This also marks the beginning of the Chaturmasya (four months of the monsoons). In olden times sannyasins were never allowed to settle in one place. They were supposed to keep travelling all over the land for eight months of the year so as to avoid attachment to any one place. However due to the difficulties of travel during the rainy season, they were allowed to stay in one place during these four months of Chaturmasya starting from Guru Purnima. At this time the sannyasins would hold discourses for the householders on various scriptures like the Brahma Sutras composed by Vyasa and engage in Vedic discussions. All this was of utmost help to the householders who never had time to delve into the wealth of our scriptures. Shravan is the first month of Dakshinayana and this is also known as the Ramayana mas. Everyone was encouraged to read the Ramayana on this month. This, is how our scriptures were kept alive. Dakshinayana means the Southern Path and demarcates the shift of the sun from the northern hemisphere to the southern hemisphere.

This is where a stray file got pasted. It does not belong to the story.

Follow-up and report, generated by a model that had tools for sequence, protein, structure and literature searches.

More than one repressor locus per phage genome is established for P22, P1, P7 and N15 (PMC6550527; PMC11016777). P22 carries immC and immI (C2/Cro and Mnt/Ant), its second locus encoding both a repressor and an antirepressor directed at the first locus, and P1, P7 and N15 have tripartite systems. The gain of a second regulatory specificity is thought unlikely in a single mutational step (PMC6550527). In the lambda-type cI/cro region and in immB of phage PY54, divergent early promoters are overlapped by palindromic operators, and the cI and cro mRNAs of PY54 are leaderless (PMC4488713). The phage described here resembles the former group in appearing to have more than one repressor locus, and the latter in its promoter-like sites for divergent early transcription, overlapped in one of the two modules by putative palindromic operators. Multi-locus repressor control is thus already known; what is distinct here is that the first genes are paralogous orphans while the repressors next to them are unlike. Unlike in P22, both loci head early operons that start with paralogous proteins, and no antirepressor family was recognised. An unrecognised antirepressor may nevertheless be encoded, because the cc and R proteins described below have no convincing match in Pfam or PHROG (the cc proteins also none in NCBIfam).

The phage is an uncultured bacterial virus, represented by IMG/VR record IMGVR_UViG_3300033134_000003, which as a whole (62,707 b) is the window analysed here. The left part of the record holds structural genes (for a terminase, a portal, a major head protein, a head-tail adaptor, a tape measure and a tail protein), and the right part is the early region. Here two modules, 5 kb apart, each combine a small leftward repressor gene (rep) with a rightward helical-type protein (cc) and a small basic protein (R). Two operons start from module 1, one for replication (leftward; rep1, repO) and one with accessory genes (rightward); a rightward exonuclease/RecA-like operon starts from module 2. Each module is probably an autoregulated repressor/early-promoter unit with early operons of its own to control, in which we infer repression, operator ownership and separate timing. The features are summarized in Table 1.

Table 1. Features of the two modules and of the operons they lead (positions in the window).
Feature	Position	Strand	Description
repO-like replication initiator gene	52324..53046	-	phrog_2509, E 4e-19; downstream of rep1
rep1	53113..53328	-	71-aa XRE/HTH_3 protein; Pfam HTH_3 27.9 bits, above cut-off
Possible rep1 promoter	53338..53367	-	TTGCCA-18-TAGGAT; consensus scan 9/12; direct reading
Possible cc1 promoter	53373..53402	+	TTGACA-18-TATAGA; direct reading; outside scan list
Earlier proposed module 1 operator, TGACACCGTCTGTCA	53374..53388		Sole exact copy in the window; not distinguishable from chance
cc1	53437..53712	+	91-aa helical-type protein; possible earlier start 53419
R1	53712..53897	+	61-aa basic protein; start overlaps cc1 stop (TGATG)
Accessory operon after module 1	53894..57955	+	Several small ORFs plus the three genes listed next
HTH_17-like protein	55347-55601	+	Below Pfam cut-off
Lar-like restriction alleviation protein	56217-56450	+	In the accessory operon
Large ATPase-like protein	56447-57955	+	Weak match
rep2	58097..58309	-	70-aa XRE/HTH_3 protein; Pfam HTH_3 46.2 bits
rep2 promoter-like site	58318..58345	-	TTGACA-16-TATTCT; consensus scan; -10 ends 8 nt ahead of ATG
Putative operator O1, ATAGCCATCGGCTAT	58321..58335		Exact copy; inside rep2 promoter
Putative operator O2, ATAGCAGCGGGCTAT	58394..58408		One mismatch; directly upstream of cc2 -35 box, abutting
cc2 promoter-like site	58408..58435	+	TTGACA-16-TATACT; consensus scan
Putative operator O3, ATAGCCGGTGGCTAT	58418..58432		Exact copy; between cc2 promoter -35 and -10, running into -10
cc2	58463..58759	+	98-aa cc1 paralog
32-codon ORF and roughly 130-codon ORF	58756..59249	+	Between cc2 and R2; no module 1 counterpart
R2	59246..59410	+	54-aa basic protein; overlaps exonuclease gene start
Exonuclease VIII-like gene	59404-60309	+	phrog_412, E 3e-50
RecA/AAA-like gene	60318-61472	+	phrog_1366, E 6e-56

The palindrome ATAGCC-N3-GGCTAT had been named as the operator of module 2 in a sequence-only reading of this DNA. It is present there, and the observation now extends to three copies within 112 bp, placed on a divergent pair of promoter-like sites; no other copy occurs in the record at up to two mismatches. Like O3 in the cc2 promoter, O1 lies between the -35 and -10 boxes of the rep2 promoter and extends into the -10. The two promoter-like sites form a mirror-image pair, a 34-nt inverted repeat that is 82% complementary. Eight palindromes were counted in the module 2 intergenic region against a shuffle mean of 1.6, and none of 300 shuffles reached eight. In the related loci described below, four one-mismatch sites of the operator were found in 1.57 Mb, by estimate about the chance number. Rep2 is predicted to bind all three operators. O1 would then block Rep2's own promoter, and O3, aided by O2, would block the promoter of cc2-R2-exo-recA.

This day is important to all the major religions of Bharat – Hinduism, Jainism and Buddhism.
On this day many important things happened in our country. First of all, the great sage called Vyasa, who is venerated by all of us as being the Adi Guru or the first guru was born on this day. Therefore, this day is also known as Vyasa Purnima. He has done an unforgettable service to all humanity by editing the Vedas and making them into four, writing the eighteen Puranas, the Mahabharata, Shrimad Bhagavatam and the Brahma Sutras. The only way we can repay the deep debt that we owe him is by studying his works and practicing his teachings. Thus, Hindus begin the day with a puja to Vyasa Guru.